"It is possible to be treated to ferocious bigotry and disarming gentility at the same place within the space of ten minutes, making it tricky to draw conclusions about Athos in general and given monasteries in particular" (527).Were I Greek, Orthodox, or both I am certain things would have gone much more smoothly - but being neither made the extraordinary hospitality I (sometimes) did receive all the more disarming.
Preparation: As with much else in modern life, hippies spoiled the fun for the rest of us. Flowerchildren flocked to Athos in the 60's on hearing everything there was free and overstayed their welcome, thus requiring Greece to now insure the process is complicated enough to discourage the idle traveler. It's a pain, but doable, and up until the visit to the port city of Ouranopoli can all be done by phone/fax. Two months in advance however proved not to be enough to get the day of my choice, so plan way ahead. After securing a permit, one needs call individual monasteries for reservations, and 6am (1pm Greek time) proved not to be early enough, but 5am usually worked. Be prepared to speak Greek on the phone, and to call repeatedly. There is of course spiritual preparation as well, which I could have used a bit more of.
Day 1- Departure and Dionysiou: In Ouranopoli (literally "Heaventown") the Pilgrim's Office opened at 7:30am and they even let me keep my bags there for a couple of days. With permit (diamoneterion) in hand I bought a ferry ticket, and by 10am was cruising up the easternmost peninsula of the Chalidici. I took the boat to Daphne (the main port), from where I took another smaller boat past the visual feast of the famous "cliffhanger" monasteries. I got off at St. Paul Monastery, and backtracked in a beautiful but punishing one hour hike to my first reservation, Dionysiou. Upon arriving I was treated to the traditional libations, a shot of tsipouro (a nice liqueur) and louokoumi (Turkish delight).
Immediately I found myself engrossed in conversation with a Catholic German who shared with me his dismay at having to eat entirely alone at the monastery he had just come from, apart from both the monks and other Orthodox pilgrims. He said he understood not being able to receive the eucharist, and he would not have minded being able eating apart if there were one or two others with him - but he was literally in the corner at his own table, alone, while all the Orthodox ate together. It was an ominous conversation to begin the trip with, especially considering for some reason the Pilgrim's Office named me a Catholic (even though I said Protestant).
At 5pm vespers began, and at 6 pilgrims and monks processed into the refectory for a fasting season supper as we listened to texts read aloud in Greek (no one here had to eat alone). Though I grew to really enjoy refectory meals, to be honest my first impression of the corporate-passive eating style was, "This must be what prison is like." However, with few exceptions the food is (to my taste at least) phenomenal: Organic vegetarianism before it was cool. Afterwords we were processed back into the church for relic venearation, Orthodox and non-Orthodox alike being allowed to go all the way into the main katholikon. Had my Greek (or Russian) skills been sharper it would have been easier finding evening conversation after dinner. But silence can be good for the soul.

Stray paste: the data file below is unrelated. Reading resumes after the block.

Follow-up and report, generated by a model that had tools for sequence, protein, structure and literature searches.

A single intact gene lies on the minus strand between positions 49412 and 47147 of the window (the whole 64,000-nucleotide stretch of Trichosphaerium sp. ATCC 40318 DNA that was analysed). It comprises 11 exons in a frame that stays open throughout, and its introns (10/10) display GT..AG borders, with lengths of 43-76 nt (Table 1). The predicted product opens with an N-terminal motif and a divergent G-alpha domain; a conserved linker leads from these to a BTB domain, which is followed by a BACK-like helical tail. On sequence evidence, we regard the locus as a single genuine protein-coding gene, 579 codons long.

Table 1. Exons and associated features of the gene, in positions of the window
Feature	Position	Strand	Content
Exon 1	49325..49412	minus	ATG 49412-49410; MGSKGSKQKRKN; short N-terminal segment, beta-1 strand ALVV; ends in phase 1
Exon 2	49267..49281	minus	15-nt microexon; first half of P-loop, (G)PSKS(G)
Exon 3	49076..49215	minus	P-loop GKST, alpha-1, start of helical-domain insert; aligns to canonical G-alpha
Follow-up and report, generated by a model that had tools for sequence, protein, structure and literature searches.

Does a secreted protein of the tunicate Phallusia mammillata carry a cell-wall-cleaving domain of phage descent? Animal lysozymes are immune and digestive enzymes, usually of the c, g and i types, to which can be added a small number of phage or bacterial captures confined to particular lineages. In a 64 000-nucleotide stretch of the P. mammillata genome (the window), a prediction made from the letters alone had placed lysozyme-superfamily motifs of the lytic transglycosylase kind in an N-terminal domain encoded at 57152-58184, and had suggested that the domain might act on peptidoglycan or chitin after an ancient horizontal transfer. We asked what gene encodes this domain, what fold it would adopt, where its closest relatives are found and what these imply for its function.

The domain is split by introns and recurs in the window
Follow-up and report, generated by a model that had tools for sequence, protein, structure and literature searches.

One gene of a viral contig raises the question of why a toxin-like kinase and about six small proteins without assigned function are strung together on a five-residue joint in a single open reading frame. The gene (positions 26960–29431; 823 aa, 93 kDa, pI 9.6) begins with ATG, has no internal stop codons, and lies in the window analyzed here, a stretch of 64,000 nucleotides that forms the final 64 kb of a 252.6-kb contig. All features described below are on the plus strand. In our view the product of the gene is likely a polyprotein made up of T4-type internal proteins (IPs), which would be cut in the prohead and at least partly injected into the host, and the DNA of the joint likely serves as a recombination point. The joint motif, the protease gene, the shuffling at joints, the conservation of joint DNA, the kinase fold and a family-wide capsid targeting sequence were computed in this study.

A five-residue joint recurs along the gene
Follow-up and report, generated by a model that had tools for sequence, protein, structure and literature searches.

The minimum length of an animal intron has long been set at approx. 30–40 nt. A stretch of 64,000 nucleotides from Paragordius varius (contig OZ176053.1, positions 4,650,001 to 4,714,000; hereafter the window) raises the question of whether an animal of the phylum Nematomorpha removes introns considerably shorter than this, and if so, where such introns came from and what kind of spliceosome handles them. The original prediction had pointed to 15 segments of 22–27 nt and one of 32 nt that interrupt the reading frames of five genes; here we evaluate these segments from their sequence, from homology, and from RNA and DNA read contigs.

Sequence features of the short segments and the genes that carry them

Day 2 - Skete of St. Anne and a Less Hospitable Place: I was off early the next morning to make it to the Skete (i.e. less than a full monastery) of St. Anne, where I had a tip about a friendly, English-speaking, icon-painting monk named Father Theoliptos, who turned out to be all three. The hike was again on the brutal side (I'm not exactly in shape), but included an impromptu donkey ride from a passing caravan, and was rewarded by great hospitality at the guest house of St. Anne's. Arriving pilgrims were shown the relics of ee giagia tou Jesou (Jesus' grandmother), and one priest noticing my interest gave me an icon. After monastic lunch and a long conversation, Father Theoliptos recommended a speed boat to loop around the tip of Athos on my way to where I had a reservation for the night. These waters are treacherous enough to have led Xerxes to build a canal, but the ride seemed pretty smooth to me, and seeing the terrain I would have been covering relieved me of any sense of guilt that I hadn't walked.
At this monastery I unfortunately felt like I was in the way. Though the guestmaster invited non-Orthodox pilgrims into the main church for relic veneration after dinner, this proved to be too much for one priest who promptly ordered us out. Things proceeded apace, and at one point while I was observing a mural, one monk said to me snippily, "Can you understand what you're reading?" Hoping this might be the beginning of a conversation, I explained to him that (in this case at least) I did, but he just kept walking. Though I've tried to give this incident a charitable interpretation, I feel that to do so might be misconstruing this particular monk's intentions. The stay was disheartening enough that I even considered leaving before my permit ended.
But the next day, thanks to a few amazing monks the trip took a serious turn for the best, so much that I stayed past it. Part II is in the works.